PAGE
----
WASHINGTON - NASA will host a news teleconference at 4 p.m. EDT, today, May 15, to discuss the status of the agency's Kepler Space Telescope.
Kepler is the first NASA mission capable of finding Earth-size planets in or near the habitable zone, which is the range of distance from a star where the surface temperature of an orbiting planet might be suitable for liquid water. Launched in 2009, Kepler has been detecting planets and planet candidates with a wide range of sizes and orbital distances to help scientists better understand our place in the galaxy.
The briefing participants are:
- John Grunsfeld, associate administrator, Science Mission Directorate, NASA Headquarters, Washington
- Paul Hertz, astrophysics director, NASA Headquarters, Washington
- William Borucki, Kepler science principal investigator, Ames Research Center, Calif.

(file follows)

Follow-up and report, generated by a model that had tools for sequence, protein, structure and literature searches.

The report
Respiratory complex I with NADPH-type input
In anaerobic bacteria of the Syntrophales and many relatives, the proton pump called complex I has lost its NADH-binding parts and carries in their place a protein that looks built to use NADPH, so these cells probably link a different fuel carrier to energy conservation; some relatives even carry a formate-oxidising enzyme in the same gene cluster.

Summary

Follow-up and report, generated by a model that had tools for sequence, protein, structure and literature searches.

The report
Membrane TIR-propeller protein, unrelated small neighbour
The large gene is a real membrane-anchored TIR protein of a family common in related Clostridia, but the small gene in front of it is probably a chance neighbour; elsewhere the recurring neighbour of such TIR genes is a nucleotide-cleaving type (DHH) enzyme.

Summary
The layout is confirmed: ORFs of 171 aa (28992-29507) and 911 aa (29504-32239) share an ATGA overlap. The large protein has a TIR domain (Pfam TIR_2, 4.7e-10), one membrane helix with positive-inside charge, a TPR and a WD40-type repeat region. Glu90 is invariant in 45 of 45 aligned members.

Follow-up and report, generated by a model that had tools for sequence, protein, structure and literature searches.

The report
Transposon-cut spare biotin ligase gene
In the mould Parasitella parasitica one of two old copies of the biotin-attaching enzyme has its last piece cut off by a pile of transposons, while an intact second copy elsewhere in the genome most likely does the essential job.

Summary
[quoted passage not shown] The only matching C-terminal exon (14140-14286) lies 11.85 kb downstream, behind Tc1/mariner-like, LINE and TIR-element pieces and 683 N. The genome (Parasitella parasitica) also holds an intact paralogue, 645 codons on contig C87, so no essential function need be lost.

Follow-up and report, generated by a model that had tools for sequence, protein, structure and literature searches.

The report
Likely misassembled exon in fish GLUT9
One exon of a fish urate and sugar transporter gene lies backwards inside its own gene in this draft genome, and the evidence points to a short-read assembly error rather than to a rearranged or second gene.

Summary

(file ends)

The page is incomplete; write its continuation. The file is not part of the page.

- Charles Sobeck, deputy project manager, Ames Research Center, Calif.
For dial-in information, journalists should e-mail their name, affiliation and telephone number to J.D. Harrington at email@example.com. Media representatives and the public also can questions via Twitter to #AskNASA.
Audio of the teleconference will be streamed live on NASA's website at:
For more information about the Kepler mission, visit:
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